A Rural Government Program Worth Supporting

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It is a rare day when the federal government does something smart, especially in the world of targeted investments. Solyndra and the myriad of other targeted investments made and lost by the government in the area of alternative energy are pretty much what we expect when the government tries to pick winners or invest taxpayer money in places that the private sector has chosen not to go. Finally, the White House may have found its niche on Wall Street: matchmaker.

The White House Rural Council is helping to create what they are calling the Rural Infrastructure Opportunity Fund. This will be a hedge fund, more or less, focused on investments in rural infrastructure, both public and private in nature. Initial funding of $10 billion is being pledged by Co-Bank, a member of the Farm Credit System, and private investors are expected to join in. Management will actually be by a private sector firm, Capitol Peak Asset Management. The government's role appears quite limited.

First, the Farm Credit System is a quasi-governmental series of borrower-owned banking coops that focus on agriculturally-related loans and general purpose loans in rural areas. The banks do not take deposits and get their funding from bonds they sell with the backing of the federal government. This implicit subsidy is pretty much the extent of government involvement in the banks. Second, the US Department of Agriculture will help pick projects for investments. While this sounds like the government picking winners and losers again, it is not as bad as it sounds.

USDA, through its Rural Development division, has long provided loan guarantees for projects in rural areas in a manner similar to the Small Business Administration. They have also been involved in such rural development projects as rural electrification. Thus, they have some expertise in evaluating projects. Further, they will not be selecting the portfolio, but rather simply helping to bring projects to the attention of the actual fund managers at Capitol Peak Asset Management.

With the Federal Reserve having artificially depressed interest rates in a fairly unsuccessful attempt to stimulate the economy and the various world financial markets seeming to be more in synch every day, investors are searching for both yield and diversification. Those investors have already discovered both farmland and agricultural commodities as investment classes. Further, established companies like the Macquarie Infrastructure Company have been buying previously public infrastructure projects for a while now. Thus, the stage seems right for this sort of investment vehicle.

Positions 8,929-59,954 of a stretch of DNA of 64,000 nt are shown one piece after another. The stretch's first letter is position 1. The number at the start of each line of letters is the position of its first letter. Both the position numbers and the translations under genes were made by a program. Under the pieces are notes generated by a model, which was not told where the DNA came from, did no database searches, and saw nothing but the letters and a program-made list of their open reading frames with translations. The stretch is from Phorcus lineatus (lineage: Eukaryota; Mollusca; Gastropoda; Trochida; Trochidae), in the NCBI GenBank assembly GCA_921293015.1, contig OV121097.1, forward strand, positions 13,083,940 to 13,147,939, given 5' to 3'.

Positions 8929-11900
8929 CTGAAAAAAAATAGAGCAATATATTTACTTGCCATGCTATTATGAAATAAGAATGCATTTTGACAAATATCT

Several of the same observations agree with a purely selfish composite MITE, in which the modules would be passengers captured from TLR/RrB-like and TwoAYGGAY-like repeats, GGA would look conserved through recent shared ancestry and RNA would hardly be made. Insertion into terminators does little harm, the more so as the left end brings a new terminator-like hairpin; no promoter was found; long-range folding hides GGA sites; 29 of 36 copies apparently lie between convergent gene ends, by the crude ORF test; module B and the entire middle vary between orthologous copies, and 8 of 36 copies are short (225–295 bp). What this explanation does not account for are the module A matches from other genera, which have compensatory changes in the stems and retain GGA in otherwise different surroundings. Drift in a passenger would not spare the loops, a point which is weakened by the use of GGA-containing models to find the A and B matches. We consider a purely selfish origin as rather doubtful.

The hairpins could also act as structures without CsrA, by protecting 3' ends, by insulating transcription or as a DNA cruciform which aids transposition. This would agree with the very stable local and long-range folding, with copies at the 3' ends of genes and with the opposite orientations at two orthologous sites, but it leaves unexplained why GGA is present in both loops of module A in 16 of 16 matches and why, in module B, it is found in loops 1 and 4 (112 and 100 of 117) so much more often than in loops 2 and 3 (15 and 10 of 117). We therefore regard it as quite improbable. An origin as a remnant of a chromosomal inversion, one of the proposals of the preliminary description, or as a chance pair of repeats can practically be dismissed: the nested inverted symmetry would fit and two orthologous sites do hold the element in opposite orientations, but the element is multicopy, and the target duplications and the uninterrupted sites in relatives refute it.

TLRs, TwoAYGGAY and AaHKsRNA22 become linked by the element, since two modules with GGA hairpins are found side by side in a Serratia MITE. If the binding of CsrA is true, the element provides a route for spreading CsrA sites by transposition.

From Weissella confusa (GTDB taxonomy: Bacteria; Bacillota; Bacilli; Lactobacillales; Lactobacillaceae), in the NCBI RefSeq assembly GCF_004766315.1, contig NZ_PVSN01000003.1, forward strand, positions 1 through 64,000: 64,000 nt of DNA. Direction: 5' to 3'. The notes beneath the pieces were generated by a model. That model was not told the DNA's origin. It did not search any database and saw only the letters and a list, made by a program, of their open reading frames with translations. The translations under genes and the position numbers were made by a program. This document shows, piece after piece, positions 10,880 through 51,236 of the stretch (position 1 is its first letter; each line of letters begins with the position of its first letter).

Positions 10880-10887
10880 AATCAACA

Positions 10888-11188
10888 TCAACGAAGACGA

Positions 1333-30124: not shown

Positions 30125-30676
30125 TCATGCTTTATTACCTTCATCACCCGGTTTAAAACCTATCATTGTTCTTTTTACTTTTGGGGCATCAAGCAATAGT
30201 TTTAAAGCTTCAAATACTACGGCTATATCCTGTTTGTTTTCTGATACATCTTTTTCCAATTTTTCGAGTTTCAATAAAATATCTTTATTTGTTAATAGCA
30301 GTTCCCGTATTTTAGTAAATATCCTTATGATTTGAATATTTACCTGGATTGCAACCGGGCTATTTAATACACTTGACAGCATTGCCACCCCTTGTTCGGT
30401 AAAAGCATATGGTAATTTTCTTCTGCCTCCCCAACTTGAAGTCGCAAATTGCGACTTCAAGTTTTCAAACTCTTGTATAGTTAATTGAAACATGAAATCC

In general, I think the private sector can fund worthwhile rural infrastructure projects without help from USDA. After all the municipal bond market functions quite nicely. However, a mostly private sector fund to back such projects is certainly favorable if the alternative is another White House proposal for government spending.

Because the investors in the Rural Infrastructure Opportunity Fund will be expecting a return, there is an incentive to make sure that the projects are not just socially beneficial but actually can pay for themselves through some specified revenue generation. This is really little different from many past municipal revenue bonds, with a new twist being that investors will be able to back bundles of projects to increase their diversification and lower their risk.

Too many public-private partnerships in the past were really just government subsidies to private sector enterprises that captured all the profits, often while accepting little of the risk. In this case, the public sector is only contributing some USDA expertise and the interest rate subsidy that the Farm Credit System gets courtesy of its government guarantee. All the risk resides in the private sector which should serve to remove politics from the investment choices, ensuring that only the most economically attractive projects get funded.

The world is awash in funds searching for profitable investments at a suitable risk (witness the near-zero interest rates on U.S. government securities). If a little government help draws those investments into rural development and saves taxpayers from footing the bill for many of the same projects, I call that a great government program.

Jeffrey Dorfman is a professor of economics at the University of Georgia, and the author of the e-book, Ending the Era of the Free Lunch

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